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State senator details threat made against him

State Sen. Leland Yee, a gun-control advocate, says an emailed message that included an assassination threat 'was unlike any other.'

February 14, 2013|By Maria L. LaGanga and Michael J. Mishak, Los Angeles Times
  • Members of the California Highway Patrol search for explosive materials at Everett Basham's house in Santa Clara; Basham has been arrested in connection with death threats against State Sen. Leland Yee.
Members of the California Highway Patrol search for explosive materials… (LiPo Ching, Mercury News )

SAN FRANCISCO — State Sen. Leland Yee has received death threats before, he said Thursday, but this one was "unlike any other."

The emailed message that arrived four weeks ago was explicit and chilling, the San Francisco Democrat told reporters two days after a suspect was arrested — so specific that it could not be ignored as "racist ranting" or protected speech.

"The author of that email specifically stated that if I did not cease efforts to deal with gun violence that he would assassinate me in or around the Capitol," Yee said during a morning news conference here. "He stated that he was a trained sniper."

Yee said his office immediately notified authorities about the cogent, several-hundred-word message, which "detailed in a rather specific way certain weapons that he possessed and exactly how he was going to kill me."

On Tuesday, law enforcement officials arrested Everett Basham, 45, on multiple charges in the case. The Silicon Valley engineer once worked with Apple Inc. co-founder Steve Wozniak, according to a LinkedIn page that appears to be his.

Chief Scott MacGregor, head of the California Highway Patrol's protective services division, said officers found "precursor chemicals" used for bomb making and "chemicals that had an explosive component" while serving a search warrant at Basham's Santa Clara home.

On Thursday, officers from the San Jose Police Department's bomb squad removed "a handful of destructive devices" from the property while lab technicians worked to identify the chemicals, said Officer Sean Kennedy, a CHP spokesman. Authorities were still searching the one-story home and a detached garage, slowly wading through waist-deep piles of papers, boxes and other items, he said.

MacGregor, who appeared with Yee on Thursday morning, said officials are "not suggesting that [Basham] was anywhere near taking action on the threat" against the legislator but rather that "he was arrested for making the threat."

Several weapons were also found during the search, although MacGregor declined to describe the firearms or discuss whether they were obtained legally.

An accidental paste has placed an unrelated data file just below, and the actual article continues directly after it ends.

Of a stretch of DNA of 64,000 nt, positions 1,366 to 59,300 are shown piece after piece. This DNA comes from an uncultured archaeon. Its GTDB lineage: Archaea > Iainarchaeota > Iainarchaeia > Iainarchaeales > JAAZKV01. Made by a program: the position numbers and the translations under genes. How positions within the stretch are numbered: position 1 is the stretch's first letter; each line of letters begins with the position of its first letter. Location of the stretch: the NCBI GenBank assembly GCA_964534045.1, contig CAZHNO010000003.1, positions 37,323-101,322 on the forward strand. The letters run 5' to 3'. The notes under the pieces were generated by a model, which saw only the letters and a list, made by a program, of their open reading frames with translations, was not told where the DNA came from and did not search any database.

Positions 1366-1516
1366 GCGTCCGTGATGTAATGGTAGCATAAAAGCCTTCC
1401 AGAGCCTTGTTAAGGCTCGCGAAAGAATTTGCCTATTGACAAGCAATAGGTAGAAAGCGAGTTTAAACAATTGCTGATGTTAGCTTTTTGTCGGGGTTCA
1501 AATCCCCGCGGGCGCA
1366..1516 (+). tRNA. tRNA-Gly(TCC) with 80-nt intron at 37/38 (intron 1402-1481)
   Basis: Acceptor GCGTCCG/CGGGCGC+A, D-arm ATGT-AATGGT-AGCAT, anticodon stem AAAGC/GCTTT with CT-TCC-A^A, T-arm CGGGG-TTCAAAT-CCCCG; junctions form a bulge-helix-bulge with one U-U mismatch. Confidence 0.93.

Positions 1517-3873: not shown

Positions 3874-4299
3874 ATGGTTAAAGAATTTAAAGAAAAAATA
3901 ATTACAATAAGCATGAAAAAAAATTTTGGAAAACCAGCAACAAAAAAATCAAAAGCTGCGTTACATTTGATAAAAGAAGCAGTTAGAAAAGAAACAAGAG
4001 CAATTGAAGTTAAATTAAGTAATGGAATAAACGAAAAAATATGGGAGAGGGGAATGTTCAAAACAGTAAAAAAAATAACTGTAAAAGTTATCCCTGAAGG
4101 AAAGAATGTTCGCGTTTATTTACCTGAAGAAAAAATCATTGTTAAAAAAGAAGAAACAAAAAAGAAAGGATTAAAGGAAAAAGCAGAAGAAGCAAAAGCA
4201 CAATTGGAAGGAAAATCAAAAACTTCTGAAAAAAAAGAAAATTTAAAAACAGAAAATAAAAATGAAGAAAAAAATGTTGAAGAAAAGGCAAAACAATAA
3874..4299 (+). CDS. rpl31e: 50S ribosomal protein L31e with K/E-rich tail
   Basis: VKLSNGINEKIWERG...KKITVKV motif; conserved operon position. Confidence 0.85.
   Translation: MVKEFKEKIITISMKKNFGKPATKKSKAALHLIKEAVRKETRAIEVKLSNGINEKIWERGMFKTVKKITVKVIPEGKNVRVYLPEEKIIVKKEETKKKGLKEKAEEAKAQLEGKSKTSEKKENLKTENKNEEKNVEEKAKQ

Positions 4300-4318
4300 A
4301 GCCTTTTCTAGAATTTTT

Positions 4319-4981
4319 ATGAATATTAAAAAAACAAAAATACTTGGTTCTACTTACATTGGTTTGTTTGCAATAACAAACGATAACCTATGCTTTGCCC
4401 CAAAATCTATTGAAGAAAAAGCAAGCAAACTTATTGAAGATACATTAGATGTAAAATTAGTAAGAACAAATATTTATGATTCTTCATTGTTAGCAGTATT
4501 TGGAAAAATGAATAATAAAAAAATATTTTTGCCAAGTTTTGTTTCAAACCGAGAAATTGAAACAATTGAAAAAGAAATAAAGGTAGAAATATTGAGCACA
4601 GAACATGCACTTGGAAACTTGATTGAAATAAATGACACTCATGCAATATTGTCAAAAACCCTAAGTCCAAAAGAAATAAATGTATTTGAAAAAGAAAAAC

Asked why four weeks had elapsed between the email and the arrest, MacGregor said that the CHP spent the time working closely with the Senate sergeant at arms "to investigate the nature of the threat and see if it was credible."

MacGregor said authorities believe the suspect acted alone.

Each year, senators get thousands of letters, emails, phone calls, office visits and other forms of communications that could be deemed "inappropriate contact," said Senate Sgt. At Arms Tony Beard, who oversees security for the upper house.

About 50 of those cases are deemed serious enough to trigger law enforcement investigations.

Beard said gun control is one of the issues that seem to cause a spike in threats. He said a group called Friendly Fire mailed bullets to legislators several years ago during one bill debate.

Earlier this month, Yee introduced legislation that would outlaw devices on semiautomatic weapons that allow them to be easily reloaded, as well as require all guns to have a locked trigger and be properly stored in a lock box when not in use.

The former school psychologist and longtime gun-control advocate said he also plans to propose annual registration requirements and background checks for gun owners.

Yee said he had received threats on several occasions but the level of detail in Basham's email set his message apart from others. At an afternoon news conference in Sacramento, the lawmaker said Basham wrote that "he could in fact identify a target two miles away and that you may not even know that he is watching you, and he could take you out that way."

But Yee vowed to press ahead. "Neither this threat nor any other threat is going to deter me from addressing the critical issues surrounding gun violence."

maria.laganga@latimes.com

michael.mishak@latimes.com

Times staff writer Patrick McGreevy contributed to this report.

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